The tragicomic musical "Moulin Rouge" has both fierce defenders and detractors. Its advantages: A nomination in the Golden Globe musical or comedy category would boost its Oscar hopes. And the film has notable achievements for every branch of the Academy of Motion Picture Arts and Sciences: actors, directors, set designers, makeup artists, visual-effects creators � all can find something to appreciate.

Steven Spielberg's "A.I." has a tougher road. It has serious admirers, but it left many people cold and puzzled.

"The Royal Tenenbaums," an ensemble film about a family of failed geniuses, may have a shot, thanks largely to an outstanding cast led by Gene Hackman, Anjelica Huston and Gwyneth Paltrow. Another ensemble, Robert Altman's satiric whodunit "Gosford Park," also might be in the running because of great performances.

Savvy Oscar marketer Miramax, which campaigned its way to best-picture nominations for "The Cider House Rules" and "Chocolat" the last two years, is pushing "The Shipping News," conveniently directed by the same man who made those films, director Lasse Hallstrom.

With the addition of an animated-film category this year, the cartoon features "Shrek" and "Monsters, Inc." appear less likely to compete in the overall best-picture field.

Best Actor

This could be the most competitive acting category, dominated by big-name winners and nominees from past years. The most likely of those: last year's winner, Russell Crowe, for "A Beautiful Mind"; Kevin Spacey, "The Shipping News"; Denzel Washington, "Training Day"; Gene Hackman, "The Royal Tenenbaums"; Sean Penn, "I Am Sam."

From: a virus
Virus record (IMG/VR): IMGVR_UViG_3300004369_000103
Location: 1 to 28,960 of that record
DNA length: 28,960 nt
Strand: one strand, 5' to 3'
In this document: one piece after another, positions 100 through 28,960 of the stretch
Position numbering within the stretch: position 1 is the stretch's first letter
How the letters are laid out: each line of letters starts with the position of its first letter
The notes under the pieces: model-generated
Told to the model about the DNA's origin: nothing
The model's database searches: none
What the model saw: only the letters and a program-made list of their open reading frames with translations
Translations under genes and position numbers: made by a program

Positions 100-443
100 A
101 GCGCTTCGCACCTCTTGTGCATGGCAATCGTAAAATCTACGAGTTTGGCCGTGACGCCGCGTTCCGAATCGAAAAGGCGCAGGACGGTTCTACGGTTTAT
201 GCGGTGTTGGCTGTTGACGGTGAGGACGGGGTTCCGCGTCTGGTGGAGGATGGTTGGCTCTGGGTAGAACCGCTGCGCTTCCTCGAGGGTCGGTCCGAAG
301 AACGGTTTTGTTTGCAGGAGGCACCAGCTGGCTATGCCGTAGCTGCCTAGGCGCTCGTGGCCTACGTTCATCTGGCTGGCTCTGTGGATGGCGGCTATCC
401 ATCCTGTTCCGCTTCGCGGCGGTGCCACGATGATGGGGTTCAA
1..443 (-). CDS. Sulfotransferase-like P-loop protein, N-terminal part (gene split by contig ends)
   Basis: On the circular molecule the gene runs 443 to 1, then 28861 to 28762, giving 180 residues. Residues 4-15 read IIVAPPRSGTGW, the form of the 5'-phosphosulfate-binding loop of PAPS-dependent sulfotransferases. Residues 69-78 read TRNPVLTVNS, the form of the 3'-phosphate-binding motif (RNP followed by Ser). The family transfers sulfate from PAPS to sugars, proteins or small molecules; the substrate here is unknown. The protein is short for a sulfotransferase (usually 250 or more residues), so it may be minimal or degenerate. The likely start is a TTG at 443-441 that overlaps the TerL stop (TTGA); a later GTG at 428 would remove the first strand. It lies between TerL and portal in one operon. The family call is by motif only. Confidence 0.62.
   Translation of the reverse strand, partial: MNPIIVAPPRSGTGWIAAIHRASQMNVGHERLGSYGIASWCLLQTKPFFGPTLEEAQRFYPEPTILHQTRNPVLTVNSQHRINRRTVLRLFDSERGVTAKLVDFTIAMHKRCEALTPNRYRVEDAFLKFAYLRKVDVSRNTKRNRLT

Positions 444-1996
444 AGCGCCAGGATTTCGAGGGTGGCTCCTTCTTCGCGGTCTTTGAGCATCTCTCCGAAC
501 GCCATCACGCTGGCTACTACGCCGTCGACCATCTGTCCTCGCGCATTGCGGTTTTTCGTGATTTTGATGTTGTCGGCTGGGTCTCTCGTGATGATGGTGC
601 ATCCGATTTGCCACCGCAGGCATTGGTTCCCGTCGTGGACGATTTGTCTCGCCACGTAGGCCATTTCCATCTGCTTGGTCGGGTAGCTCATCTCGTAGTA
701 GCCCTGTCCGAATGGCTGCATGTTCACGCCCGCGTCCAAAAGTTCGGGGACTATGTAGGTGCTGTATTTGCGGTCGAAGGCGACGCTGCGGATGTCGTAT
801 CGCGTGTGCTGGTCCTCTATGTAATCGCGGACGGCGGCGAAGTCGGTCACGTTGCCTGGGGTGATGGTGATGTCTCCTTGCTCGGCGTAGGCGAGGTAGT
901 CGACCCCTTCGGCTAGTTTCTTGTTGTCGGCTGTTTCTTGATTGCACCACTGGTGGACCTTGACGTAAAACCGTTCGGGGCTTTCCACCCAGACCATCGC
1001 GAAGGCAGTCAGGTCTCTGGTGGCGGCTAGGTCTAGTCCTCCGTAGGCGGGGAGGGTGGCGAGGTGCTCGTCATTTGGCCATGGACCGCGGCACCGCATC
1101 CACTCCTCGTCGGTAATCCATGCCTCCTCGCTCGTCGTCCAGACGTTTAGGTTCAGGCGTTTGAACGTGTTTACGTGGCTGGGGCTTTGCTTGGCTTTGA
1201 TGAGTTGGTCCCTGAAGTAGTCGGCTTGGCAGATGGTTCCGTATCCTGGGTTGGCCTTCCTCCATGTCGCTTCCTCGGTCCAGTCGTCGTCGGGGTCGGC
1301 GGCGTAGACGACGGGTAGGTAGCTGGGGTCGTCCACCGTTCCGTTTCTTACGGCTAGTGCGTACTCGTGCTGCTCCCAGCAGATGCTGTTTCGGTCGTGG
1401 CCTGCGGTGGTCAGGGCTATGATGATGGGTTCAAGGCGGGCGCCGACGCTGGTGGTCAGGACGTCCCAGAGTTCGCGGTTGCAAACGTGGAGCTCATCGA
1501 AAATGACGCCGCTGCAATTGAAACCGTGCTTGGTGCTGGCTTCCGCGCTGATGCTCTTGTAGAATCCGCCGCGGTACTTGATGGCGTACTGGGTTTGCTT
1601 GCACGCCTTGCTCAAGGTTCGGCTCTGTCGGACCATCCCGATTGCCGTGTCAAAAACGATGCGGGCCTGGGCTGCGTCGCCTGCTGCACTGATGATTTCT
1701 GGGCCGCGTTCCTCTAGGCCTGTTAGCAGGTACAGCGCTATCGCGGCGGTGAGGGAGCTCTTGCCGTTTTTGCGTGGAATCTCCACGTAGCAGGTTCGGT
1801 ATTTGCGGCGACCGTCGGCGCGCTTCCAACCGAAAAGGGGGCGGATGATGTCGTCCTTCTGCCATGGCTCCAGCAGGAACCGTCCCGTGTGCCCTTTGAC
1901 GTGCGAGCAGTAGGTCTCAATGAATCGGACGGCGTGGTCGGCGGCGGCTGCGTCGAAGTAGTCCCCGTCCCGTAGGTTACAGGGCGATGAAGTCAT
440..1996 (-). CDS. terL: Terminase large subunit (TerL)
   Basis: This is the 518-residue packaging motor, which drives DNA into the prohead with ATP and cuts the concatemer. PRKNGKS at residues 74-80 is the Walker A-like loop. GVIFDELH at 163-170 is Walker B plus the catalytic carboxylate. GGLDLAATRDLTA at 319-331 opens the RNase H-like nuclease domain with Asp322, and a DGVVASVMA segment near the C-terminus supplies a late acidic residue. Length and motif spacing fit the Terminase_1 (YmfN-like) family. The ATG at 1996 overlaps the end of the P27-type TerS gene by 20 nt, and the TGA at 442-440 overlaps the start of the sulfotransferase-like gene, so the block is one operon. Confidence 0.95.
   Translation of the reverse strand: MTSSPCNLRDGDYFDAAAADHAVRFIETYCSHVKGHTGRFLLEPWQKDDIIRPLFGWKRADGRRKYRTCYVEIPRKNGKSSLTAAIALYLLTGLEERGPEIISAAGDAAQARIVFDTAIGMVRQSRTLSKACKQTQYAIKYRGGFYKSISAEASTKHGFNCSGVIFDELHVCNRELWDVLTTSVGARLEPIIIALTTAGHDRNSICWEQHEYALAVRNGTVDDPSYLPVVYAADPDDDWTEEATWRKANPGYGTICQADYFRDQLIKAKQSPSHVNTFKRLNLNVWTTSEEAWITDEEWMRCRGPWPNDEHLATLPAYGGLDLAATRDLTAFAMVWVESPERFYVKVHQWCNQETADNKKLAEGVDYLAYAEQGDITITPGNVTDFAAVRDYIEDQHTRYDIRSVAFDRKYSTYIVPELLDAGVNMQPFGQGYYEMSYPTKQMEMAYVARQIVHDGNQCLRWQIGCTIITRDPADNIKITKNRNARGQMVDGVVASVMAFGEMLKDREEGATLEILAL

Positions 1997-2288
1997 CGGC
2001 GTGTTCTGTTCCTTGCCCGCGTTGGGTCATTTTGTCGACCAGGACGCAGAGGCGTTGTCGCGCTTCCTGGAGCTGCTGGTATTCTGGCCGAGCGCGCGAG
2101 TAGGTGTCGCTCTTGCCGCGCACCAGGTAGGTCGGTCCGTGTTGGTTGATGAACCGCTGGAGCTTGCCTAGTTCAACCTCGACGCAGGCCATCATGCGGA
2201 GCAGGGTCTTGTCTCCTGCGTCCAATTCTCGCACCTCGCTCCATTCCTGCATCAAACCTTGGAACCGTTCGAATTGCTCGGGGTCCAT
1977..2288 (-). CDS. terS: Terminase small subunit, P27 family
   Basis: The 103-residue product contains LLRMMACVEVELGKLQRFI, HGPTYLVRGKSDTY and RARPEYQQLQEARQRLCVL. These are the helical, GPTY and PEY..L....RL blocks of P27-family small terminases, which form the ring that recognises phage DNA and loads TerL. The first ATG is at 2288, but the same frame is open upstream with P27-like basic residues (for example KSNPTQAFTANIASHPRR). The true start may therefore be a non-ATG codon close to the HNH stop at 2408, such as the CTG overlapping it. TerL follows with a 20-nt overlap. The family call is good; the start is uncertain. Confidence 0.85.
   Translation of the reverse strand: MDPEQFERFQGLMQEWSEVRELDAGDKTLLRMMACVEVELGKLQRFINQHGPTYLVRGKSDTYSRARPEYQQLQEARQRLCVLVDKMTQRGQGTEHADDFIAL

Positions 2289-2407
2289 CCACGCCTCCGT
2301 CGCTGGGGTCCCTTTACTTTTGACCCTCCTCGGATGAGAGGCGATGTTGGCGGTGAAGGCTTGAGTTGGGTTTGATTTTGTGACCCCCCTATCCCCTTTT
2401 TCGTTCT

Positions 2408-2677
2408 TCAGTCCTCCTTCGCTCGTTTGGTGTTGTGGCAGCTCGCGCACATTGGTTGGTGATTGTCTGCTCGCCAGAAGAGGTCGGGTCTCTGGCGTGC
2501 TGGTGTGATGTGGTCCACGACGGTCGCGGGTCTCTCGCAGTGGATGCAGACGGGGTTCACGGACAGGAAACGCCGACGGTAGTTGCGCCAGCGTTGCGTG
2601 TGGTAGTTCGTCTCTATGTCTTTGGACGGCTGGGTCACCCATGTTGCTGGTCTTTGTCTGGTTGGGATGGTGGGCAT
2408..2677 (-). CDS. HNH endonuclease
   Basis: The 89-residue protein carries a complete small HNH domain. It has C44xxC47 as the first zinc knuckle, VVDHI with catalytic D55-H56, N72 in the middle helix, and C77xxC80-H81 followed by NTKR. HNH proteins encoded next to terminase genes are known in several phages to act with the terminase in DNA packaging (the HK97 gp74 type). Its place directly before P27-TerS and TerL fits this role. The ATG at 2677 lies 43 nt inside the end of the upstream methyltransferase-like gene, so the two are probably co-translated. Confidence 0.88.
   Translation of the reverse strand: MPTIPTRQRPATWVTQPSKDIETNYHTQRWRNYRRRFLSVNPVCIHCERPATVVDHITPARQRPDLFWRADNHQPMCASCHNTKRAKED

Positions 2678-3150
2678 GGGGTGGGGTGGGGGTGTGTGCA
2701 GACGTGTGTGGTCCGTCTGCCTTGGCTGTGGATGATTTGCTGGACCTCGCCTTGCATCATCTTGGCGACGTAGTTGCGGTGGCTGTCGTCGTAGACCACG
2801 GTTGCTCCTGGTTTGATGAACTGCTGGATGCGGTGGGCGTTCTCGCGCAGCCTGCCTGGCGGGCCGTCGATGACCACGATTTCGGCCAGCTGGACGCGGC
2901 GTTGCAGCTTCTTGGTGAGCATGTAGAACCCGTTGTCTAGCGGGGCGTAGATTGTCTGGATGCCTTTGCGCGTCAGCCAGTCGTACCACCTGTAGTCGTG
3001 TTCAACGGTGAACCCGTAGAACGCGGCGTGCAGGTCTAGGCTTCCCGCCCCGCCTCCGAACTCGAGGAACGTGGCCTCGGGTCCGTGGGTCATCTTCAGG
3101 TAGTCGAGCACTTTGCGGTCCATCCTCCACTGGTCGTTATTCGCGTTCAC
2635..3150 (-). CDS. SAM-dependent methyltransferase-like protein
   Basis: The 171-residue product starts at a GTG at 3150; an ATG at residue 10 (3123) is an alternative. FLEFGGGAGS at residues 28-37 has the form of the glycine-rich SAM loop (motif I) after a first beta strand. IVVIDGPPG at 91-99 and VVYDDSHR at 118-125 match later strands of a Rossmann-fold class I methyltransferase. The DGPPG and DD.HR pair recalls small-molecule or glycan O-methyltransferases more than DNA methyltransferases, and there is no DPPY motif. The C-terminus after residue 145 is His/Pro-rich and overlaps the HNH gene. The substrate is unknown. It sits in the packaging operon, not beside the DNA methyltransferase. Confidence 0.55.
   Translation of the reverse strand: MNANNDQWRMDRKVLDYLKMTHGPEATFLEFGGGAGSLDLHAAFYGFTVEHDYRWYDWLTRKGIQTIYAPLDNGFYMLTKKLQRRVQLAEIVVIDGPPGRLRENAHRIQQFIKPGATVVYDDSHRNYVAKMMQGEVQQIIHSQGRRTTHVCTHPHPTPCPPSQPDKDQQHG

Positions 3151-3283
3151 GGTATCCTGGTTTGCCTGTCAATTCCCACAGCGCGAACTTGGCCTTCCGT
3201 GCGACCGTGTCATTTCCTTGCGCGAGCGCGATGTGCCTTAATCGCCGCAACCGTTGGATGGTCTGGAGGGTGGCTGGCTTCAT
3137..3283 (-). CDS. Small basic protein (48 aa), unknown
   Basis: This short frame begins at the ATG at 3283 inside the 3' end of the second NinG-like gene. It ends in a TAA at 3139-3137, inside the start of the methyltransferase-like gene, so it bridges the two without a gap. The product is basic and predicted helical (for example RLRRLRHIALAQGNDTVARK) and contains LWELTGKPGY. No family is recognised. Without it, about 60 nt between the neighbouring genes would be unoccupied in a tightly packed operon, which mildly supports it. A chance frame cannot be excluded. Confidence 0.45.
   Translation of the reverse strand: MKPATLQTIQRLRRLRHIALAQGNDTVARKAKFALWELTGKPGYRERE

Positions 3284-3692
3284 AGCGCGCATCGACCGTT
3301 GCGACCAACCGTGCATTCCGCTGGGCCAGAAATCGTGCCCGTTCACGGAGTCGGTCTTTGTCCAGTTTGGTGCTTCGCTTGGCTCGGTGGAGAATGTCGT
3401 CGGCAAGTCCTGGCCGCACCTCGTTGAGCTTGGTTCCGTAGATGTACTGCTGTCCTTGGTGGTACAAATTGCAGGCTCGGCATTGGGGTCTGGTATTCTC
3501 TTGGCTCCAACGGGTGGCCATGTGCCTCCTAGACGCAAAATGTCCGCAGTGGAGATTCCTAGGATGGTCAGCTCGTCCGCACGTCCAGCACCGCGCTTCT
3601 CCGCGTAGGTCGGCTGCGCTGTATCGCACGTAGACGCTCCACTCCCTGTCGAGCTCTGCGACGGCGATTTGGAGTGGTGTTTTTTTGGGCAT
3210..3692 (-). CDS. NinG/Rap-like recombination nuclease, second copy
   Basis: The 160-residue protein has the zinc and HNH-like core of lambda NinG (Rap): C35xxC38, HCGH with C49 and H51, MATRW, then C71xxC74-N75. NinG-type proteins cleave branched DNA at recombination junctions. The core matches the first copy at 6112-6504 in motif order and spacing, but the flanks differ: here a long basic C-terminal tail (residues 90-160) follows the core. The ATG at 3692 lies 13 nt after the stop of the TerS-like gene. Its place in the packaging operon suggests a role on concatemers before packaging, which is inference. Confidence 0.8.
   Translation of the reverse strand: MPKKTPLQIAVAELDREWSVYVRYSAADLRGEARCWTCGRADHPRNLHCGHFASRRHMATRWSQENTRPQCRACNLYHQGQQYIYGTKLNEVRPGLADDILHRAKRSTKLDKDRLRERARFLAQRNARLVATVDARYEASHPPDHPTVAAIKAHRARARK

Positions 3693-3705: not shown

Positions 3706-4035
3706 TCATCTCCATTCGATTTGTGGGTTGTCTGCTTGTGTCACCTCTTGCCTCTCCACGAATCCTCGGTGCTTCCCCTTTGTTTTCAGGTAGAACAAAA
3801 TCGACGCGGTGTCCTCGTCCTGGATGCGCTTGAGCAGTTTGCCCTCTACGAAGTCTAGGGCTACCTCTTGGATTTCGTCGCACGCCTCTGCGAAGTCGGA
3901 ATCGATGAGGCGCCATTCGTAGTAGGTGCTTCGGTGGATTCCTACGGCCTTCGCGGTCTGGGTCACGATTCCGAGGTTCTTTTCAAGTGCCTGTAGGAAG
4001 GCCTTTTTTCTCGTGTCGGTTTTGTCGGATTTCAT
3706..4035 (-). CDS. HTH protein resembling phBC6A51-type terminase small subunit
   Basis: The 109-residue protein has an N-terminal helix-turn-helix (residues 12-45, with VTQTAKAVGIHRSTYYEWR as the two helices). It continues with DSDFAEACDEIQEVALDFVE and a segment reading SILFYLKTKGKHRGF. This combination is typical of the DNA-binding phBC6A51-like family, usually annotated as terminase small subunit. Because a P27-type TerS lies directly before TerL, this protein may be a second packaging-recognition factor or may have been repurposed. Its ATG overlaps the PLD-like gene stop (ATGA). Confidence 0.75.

In his first major dramatic lead, Will Smith delivers well enough with "Ali" to warrant Oscar consideration.

Tom Cruise is good in "Vanilla Sky," but lackluster response to the film might scuttle his chances. Ditto for Haley Joel Osment in "A.I.," who also faces a possible reluctance by Oscar voters to nominate a child actor in a lead category.

Other possibilities: Ewan McGregor, "Moulin Rouge"; Tom Wilkinson, "In the Bedroom"; Billy Bob Thornton for either "The Man Who Wasn't There" or "Monster's Ball"; Guy Pearce, "Memento."

Footnote: One of the year's best male performances was by John Cameron Mitchell in "Hedwig and the Angry Inch." But this isn't Dustin Hoffman in "Tootsie"; Mitchell's transsexual glam-rocker is almost certainly too hip and weird for Academy tastes.

Best Actress

This was last year's strongest category, with Julia Roberts ultimately coasting to victory for "Erin Brockovich." It's a lighter field this year, opening the door for contenders in smaller films that don't necessarily scream "Oscar."